Almost exactly a year ago I kicked off this blog, and the business of Developing Dogs, with a post about dog poo, and now I’m at it again with the launch of the Responsible Dog Walker campaign in Ely, Littleport and surrounding villages. Along with the lovely people from Jurassic Bark we are trying to support the local council in tackling the problem of dog poo in our local parks and footpaths, and also to raise awareness of some of the things you might want to consider when walking your dog.
Walking your dog should be an opportunity to have fun, relax and enjoy the time together, but there are a few things we should all be aware of while out and about with our dogs:
- All dogs in a public place must wear a visible ID attached to a collar with details of the owner’s name and address. It is not legally necessary, but can help reunite lost dogs more quickly, to include a phone number on the tag too.
- From April 2016 all dogs must also be microchipped with owner’s details. Remember to keep your details up to date if you move. Free microchipping is available from some local veterinary surgeries.
- Always carry, and use, poo bags to pick up after your dog. Dispose of the bags in appropriate bins, and do not leave them on the ground or hanging from trees. There are multiple reasons to pick up after your dog, not least because it keeps the environment safe and clear for other walkers.
- Never leave your dog unattended outside a shop or in your car. Dogs are increasingly the target for thieves who sell them on, use them for dog fighting or breeding, or demand a ransom for their return. Dogs left unattended can also be subject to abuse or unintentional unwanted attention which leaves them scared and potentially aggressive. Dogs die in hot cars and leaving a window open does not help keep them cool.
- Respect other people and dog walkers on your walks. Do not allow your dog out of your sight or to run up to other dogs, people or animals uninvited. Your dog may be friendly, but others may not welcome their attention. Dogs on lead may be in training or rehabilitation, ill, elderly, or simply prefer not to interact with other dogs; please respect their space and needs. Some owners use yellow ribbons attached to their dog’s lead to signal that they need space – keep an eye out for them and allow them to keep their distance.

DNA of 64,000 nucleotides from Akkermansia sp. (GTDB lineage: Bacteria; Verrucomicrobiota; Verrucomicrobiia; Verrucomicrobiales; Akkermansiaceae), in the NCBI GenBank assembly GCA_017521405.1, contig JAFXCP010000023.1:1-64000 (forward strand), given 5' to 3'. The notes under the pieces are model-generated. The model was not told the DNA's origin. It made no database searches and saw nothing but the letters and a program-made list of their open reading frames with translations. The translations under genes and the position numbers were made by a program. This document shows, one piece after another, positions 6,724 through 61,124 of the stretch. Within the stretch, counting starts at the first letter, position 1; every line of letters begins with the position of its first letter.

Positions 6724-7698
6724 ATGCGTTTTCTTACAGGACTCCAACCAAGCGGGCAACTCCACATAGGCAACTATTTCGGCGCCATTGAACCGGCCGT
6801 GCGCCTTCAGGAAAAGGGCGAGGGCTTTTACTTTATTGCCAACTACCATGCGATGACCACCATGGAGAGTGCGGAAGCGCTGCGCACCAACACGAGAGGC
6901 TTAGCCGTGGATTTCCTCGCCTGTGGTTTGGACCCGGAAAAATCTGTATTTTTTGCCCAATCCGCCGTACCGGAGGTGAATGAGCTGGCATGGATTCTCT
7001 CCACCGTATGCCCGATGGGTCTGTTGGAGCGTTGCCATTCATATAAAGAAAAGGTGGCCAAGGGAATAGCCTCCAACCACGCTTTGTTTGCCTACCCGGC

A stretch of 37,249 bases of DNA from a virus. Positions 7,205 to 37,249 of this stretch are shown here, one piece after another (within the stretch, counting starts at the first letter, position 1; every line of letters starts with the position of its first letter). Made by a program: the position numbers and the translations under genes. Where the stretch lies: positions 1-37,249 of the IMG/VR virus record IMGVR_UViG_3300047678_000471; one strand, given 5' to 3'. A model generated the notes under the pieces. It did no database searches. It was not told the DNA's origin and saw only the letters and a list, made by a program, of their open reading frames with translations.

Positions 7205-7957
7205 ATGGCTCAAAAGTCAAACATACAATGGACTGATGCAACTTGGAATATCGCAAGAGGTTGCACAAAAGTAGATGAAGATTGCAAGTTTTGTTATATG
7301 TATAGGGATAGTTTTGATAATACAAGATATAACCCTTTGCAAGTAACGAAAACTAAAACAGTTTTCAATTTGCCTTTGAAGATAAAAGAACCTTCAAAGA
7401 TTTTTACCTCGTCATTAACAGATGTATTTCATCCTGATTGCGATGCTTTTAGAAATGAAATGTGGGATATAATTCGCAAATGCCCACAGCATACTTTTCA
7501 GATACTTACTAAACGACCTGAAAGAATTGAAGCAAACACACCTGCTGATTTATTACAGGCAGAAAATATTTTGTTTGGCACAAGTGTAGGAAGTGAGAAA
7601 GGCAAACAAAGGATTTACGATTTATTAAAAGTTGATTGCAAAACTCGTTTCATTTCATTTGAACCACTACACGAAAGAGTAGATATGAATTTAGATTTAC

- Teach your dog how to walk nicely on lead, and a reliable recall for when they are off lead. If they are still learning to how to walk with a loose lead then use a harness or head collar to manage them when necessary. If you are not sure of their recall around distractions then use a harness with a long line attached so they can still have some opportunity to run but you have control if you need it. Ask an APDT, UK-accredited trainer for help teaching loose lead walking or reliable recalls using rewards and fun not fear or pain.
- If using a long line or flexi lead it should be attached to a back-connecting harness. If your dog runs to the end of the lead at speed they may be seriously injured if it is attached to their collar. Similarly, never use a long line or flexi-lead along a roadside – they can easily allow your dog to run in to the middle of the road if something attracts their attention. Dogs must be on lead alongside roads or on pavements.
- Wherever you are walking, be aware of your local environment. Dogs can cause considerable damage to crops, nesting wildlife or livestock, as well as being a nuisance to other path or park users. If in doubt, keep them on lead until it is safe to let them off or find an alternative place to walk so that everyone has a positive experience and enjoys their walks.
For your free monthly supply of poo bags visit Jurassic Bark at Littleport and sign up as a Responsible Dog Walker to get your free monthly supply of poo bags and be in with a chance of winning exclusive use of the 8 acre secure field here at Developing Dogs.
For help with loose lead walking, reliable recalls or any other aspects of living with or walking your dog, take a look at our classes and workshops here at Developing Dogs.